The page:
Winner of the Institute for Nonprofit News 2022 Insight Award for Explanatory Journalism.

Climate change is coming for your food. In the American Heartland, farmers are battling increasingly severe weather, with epic floods and heat. Agriculture accounts for an impossible to ignore 10 percent of U.S. greenhouse gas emissions, so if we’re serious about fighting climate change, farmers need to be part of the solution. In Hot Farm, a new podcast from the Food & Environment Reporting Network hosted by Eve Abrams, we travel across the Midwest, talking to farmers about what they are doing, or could be doing, to combat climate change.

To listen, you can also tell your smart speaker to “Play Hot Farm Podcast.”


We have a bonus episode from a show called “How to Save a Planet,” a Spotify Original podcast produced by Gimlet Media. This show looks at climate change from the lens of — OK, so what do we do about it? The episode we’re running takes on one of the biggest climate issues in agriculture, Beef. And it asks whether adopting a plant-based diet would fight global warming. So should we all go vegetarian? To answer that question, How to Save a Planet looks at the American food system, regenerative farming, and, well, eating. Hint: it’s complicated.

More than a fourth of our food, including most of our fruits and vegetables, comes from California. This is due in large part to its Mediterranean climate, which means it has long hot summers and mild winters. For decades, water was plentiful in California. The snow would melt in the Sierra Nevada mountains, rivers would fill, and farmers could tap into those rivers to water their crops. But climate change is upending these advantages and forcing us to find other places to grow some of the food that has long come from California. In this episode, producer Travis Lux takes a deep dive into one of those places: the mid-Mississippi Delta, an area that includes parts of Arkansas, Tennessee, Missouri, and Mississippi. And into the story of one Arkansas farmer, Shawn Peebles. Over the last decade, Peebles went from losing his commodity farm to debt, to running a 7,000-acre organic produce farm that could be a blueprint for The New California.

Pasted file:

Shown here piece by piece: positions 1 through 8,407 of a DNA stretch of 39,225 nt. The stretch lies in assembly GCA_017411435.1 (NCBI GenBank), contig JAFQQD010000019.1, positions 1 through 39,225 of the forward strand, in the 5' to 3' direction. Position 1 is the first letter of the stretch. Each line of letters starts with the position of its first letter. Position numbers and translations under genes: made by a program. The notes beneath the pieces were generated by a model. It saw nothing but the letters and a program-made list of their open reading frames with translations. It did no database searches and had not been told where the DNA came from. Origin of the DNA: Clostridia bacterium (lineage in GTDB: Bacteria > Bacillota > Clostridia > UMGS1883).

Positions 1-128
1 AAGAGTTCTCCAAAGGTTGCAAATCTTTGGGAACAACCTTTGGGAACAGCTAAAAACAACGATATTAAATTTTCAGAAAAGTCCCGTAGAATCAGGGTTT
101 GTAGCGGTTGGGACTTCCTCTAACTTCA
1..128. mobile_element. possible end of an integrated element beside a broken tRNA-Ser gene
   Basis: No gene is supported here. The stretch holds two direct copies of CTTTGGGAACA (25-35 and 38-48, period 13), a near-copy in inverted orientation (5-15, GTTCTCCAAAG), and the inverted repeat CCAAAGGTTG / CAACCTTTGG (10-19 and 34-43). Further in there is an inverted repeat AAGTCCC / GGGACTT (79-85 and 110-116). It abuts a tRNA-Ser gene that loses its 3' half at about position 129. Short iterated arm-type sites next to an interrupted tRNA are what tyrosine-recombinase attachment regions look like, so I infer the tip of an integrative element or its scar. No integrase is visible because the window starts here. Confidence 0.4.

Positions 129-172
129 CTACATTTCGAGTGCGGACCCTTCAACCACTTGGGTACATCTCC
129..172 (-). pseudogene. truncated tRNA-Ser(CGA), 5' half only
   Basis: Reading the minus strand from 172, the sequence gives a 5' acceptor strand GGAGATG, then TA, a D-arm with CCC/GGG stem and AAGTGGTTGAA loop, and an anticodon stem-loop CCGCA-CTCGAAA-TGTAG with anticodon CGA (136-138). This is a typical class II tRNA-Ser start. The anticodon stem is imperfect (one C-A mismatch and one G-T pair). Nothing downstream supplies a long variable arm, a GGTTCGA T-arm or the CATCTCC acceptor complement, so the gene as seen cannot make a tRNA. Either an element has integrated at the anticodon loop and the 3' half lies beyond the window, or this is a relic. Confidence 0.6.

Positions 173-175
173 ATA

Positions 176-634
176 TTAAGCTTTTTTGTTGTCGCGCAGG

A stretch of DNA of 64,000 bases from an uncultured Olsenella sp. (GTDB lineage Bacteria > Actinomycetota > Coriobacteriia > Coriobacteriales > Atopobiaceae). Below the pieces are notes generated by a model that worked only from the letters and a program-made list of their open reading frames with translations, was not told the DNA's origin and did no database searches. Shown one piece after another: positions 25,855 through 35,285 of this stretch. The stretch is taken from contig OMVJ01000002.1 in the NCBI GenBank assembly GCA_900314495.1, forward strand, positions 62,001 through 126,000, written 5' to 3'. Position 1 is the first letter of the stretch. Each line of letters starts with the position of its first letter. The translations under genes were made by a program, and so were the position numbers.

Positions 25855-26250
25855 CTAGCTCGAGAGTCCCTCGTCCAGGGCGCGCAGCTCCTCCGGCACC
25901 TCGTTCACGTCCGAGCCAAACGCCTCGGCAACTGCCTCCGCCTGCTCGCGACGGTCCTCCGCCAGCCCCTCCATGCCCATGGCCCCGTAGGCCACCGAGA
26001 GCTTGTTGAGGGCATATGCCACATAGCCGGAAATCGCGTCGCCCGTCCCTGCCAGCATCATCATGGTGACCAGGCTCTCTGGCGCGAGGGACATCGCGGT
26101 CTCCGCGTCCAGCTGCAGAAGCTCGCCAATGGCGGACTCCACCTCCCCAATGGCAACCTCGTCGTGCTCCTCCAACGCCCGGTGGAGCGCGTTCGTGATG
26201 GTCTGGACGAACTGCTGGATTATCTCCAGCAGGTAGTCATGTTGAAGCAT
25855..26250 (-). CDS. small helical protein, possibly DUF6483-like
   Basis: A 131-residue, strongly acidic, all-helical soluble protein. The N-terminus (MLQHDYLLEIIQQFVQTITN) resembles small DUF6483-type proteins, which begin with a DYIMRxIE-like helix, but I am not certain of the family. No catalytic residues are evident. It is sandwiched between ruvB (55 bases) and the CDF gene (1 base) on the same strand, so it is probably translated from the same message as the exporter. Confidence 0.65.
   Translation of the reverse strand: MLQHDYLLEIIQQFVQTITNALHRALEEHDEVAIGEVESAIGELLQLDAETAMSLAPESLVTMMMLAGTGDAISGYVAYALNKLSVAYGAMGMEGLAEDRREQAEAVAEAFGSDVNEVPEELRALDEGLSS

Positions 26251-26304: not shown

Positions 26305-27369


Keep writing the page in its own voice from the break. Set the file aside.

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In this episode, we consider what farmers grow—and whether that, too, can change. Producer Rachel Yang introduces us to Don Wyse, who leads a research program at the University of Minnesota that is developing 16 new or improved crops designed to thrive in a world with an unpredictable climate. Yang drills down into one of those crops, a grain called Kernza, a type of wheatgrass. Unlike corn and wheat, which are annual crops whose roots are in the ground only a short time, Kernza is a perennial. You plant it, harvest it, and next year it grows back. So Kernza develops super dense roots that can reach 10 feet into the earth, requiring less water, locking a lot of carbon into the soil, and slurping up twice as much fertilizer as annual wheat, thereby preventing runoff and nitrogen pollution. It is a climate-mitigating super plant. But for perennials like Kernza to replace annual grains, they need to be profitable for farmers to grow. Which means there needs to be a market for those grains. As Yang explains, the Land Institute in Kansas, mission control for Kernza development, received a $10 million grant from the USDA in 2020 to start scaling up Kernza from specialty crop to staple grain. That money has people building out a supply chain by experimenting with Kernza: farmers farming it, millers milling it, and bakers baking it for eaters to eat. Everyone along this supply chain is trying to figure out how to deal with the challenges of this new grain.